A Bankroll by .Magic.
"All right," said the thankful "II. C.
Chambers." ? "But I've simply got to do
something for you. Meet me Monday
morning at 9 o'clock and I'll let you In
on something that will make a lot of
money for you without your investing
a dollar."
This sounded good. Appelt and the
"stock raiser from Texas"' wont to
Turnbull Castle, on the Dixie Highway,
a structure that had been rented and
lavishly equipped by con men for the
undoing of the unwary. Inside they
found a big quotation board, with the
rapidly changing prices of the New
York stock market, and they noticed,
too, the tall stacks of currency upon the
cashier's desk.
''Mr. Chambers" handed $1500 each to
Appelt and "Pogart," and told them to
do exactly what he did. He promptly ;
bought Vanadium Kteel and Appelt and
"Pogart" were Joyful, as, after following
his example, they saw Vanadium stead
ily rising. At "Mr Chambers's" signal
they sold, and each received from the
cashier $1.50'). Then, still following!
their good angel, they tackled Crucible
Steel, and in no time at all they cleaned '
up $3.fl"0 each. Appelt's total profit
was now $4,000, and he felt mighty
good about it and mighty grateful to
"Mr. Chambers."
"Now gentlemen." said this person, "I
have one more good tip. but It's going to
take considerable money to swing it. I
Hero"?and he rushed Appelt at this, the j
psychological "rush" moment of the'
bunco game?"sign this check payable to j
bearer for $40,000." Appelt signed, as !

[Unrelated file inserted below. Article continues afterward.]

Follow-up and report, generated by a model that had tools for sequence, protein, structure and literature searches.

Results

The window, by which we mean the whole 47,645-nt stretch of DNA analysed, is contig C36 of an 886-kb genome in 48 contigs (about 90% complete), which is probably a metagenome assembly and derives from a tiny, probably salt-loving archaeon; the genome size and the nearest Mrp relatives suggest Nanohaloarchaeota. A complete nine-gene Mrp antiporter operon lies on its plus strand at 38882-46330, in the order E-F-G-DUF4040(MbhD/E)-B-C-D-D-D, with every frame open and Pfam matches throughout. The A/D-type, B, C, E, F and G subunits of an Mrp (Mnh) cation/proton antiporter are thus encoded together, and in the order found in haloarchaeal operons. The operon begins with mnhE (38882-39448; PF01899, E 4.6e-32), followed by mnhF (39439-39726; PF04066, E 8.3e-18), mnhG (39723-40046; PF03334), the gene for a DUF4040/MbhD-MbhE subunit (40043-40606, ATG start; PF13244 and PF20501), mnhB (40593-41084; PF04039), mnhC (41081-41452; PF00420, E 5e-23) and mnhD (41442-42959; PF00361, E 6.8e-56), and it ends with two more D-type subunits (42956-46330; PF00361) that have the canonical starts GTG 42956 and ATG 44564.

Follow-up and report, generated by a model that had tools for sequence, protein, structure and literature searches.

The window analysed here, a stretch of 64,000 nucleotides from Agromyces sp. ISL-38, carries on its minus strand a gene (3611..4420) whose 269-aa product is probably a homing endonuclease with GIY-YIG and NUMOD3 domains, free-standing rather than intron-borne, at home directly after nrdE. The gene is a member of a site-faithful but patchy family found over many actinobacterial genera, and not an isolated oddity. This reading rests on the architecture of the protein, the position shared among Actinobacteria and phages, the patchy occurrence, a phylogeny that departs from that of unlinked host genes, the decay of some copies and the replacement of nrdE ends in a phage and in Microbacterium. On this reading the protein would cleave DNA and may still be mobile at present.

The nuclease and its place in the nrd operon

did "Pogart," and they bought General
Motors. Up went General Motors at
once, soaring.
Chambers Not So I.nrky.
When they sold tho cashier handed
A9ppelt handfuls of bills?$1,000 bills
mostly?and he was about to turn away j
with his wealth when the cashier ap
proached them and Inquired politely If
they had an account with the firm. None
of them had, and the cashier requested
them to return the cash, saying that!
they would have to return the money,
since the firm did not take checks, and !
that they would have to put up real
money to prove that they could have
made their $40,000 checks good If the
stock had gone down. The cashier de- ,
manded $80,000 as a guarantee that they
were men of substance who had not tried
to bilk a respectable brokerage Arm. It
was all very convincing.
"Mr. Pogart" said that he could get!
$40,000 If he had time to go to Texas.
"Mr. Chambers" said he could obtain :
$26,000. That made $611,000, and all I
looked at Appelt. He thought a bit, and
then said he would supply $16,000 to1
make up the $80,000 If he went home for
It. Appelt and "Mr. Pogart" went after
their money, and while they were absent
"Mr. Chambers" remained at Turnhull
Castle, keeping an eye on the market.
He was tempted to try another turn or
two, and by an astonishing visitation of
bad luck lost every dollar of the profits
that were ? nming to the combination.
When Appelt and Pogart returned to :
Turnbull Castle to hear this "Pogart"
went wild with anger. At least Appelt
was deceived. He tried to kill "Mr.